InsiderEconomyEuroAsia Interconnector to connect Cyprus with EU grid

EuroAsia Interconnector to connect Cyprus with EU grid

The EU’s member states agreed to invest 1.037 billion euro in five cross-border infrastructure projects under the Connecting Europe Facility (CEF) for trans-European energy networks, adopting a proposal by the Commission.

The largest amount of funding will go to the EuroAsia interconnector project (657 million euros) to support the first electricity interconnection between Cyprus and the European grid.

In a statement, Energy Commissioner Kadri Simson highlighted the importance of the EuroAsia Interconnector, pointing out that it will bring “an end to the energy isolation of Cyprus and link it to the rest of Europe”.

“Recent months have reminded us again how crucial a well-integrated EU energy market is for ensuring affordable energy and security of supply, as well as the clean energy transition” the Commissioner recalled.

“While we have made remarkable progress in the last decade with making our market better connected, more can and should be done” she added.

The EuroAsia Interconnector is described in the Commission’s press release as a project which “interconnects the transmission networks of Cyprus and Greece, allowing the transmission of electricity in both directions and ending the energy isolation of Cyprus”.

“The 898km of undersea cables and maximum sea depth of 3000 meters will set new world records for a project of this kind” the Commission adds in its statement. This investment is a continuation of the financial and political support of the EuroAsia project and is also being funded with a 100 million euro grant awarded in the Recovery and Resilience Facility instrument.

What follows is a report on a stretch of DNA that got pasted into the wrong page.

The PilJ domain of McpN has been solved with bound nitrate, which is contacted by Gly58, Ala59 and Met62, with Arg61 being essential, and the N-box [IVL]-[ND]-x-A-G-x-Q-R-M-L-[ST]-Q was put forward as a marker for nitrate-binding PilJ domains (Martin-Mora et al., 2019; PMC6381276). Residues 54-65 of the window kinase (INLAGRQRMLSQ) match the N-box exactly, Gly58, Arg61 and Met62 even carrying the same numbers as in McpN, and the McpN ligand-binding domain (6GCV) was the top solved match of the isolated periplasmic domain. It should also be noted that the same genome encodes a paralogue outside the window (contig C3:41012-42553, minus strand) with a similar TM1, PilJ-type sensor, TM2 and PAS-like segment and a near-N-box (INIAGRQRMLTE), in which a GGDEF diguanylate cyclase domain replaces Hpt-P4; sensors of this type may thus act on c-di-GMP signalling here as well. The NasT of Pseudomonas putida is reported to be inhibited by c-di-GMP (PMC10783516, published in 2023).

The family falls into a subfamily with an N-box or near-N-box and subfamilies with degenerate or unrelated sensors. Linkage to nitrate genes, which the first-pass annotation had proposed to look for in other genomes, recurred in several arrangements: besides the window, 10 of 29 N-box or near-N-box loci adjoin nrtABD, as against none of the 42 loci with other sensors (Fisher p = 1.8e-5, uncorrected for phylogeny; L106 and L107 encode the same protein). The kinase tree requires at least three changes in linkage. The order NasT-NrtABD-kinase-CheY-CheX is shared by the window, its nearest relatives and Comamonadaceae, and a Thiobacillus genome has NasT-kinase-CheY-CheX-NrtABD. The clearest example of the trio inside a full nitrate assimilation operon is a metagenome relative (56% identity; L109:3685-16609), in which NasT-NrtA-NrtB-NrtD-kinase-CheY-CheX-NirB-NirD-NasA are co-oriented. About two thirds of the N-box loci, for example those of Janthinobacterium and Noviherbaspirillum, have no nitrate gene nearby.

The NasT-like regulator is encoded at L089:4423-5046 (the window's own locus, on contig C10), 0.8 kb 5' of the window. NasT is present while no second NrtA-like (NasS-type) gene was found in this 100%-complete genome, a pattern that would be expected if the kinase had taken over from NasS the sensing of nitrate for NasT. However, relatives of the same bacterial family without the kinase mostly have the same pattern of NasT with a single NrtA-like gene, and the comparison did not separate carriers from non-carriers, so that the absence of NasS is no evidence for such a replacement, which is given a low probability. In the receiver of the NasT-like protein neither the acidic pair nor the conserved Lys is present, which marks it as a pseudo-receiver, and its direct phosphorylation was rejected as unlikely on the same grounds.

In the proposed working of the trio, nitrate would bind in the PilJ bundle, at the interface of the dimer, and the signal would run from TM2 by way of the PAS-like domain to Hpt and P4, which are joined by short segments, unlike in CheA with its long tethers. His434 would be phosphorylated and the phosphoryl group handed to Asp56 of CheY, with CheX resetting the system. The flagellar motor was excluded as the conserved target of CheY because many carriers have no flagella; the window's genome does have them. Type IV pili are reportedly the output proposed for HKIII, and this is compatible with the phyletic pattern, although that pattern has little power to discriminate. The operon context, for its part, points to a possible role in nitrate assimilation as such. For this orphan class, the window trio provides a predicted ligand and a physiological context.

According to the Commission’s announcement, well-integrated energy infrastructure networks are necessary for the energy transition, as they facilitate the integration of renewable energy, enhance security of supply and help keep energy prices in check. The allocation of CEF funds is therefore seen as supporting the implementation of the European Green Deal.

The agreement also grants financial aid for the construction of another two projects for electricity transmission and one for gas storage, as well as supporting a study on CO2 transport.

The other projects are the Baltic Synchronisation Project Phase II which includes funding for grid reinforcement in Poland and upgrading the transmission infrastructure in Lithuania, Latvia and Estonia (170 million euro), the development of a third electricity transmission line between Sweden and Finland (known as the Aurora line – 127 million euro), the capacity increase of the Chiren gas storage facility in Bulgaria (78 million euro) and the support of a study on the second phase of the Northern Lights project, which looks into the expansion of the CO2 transport and temporary storage capacity in Norway (4 million euro).

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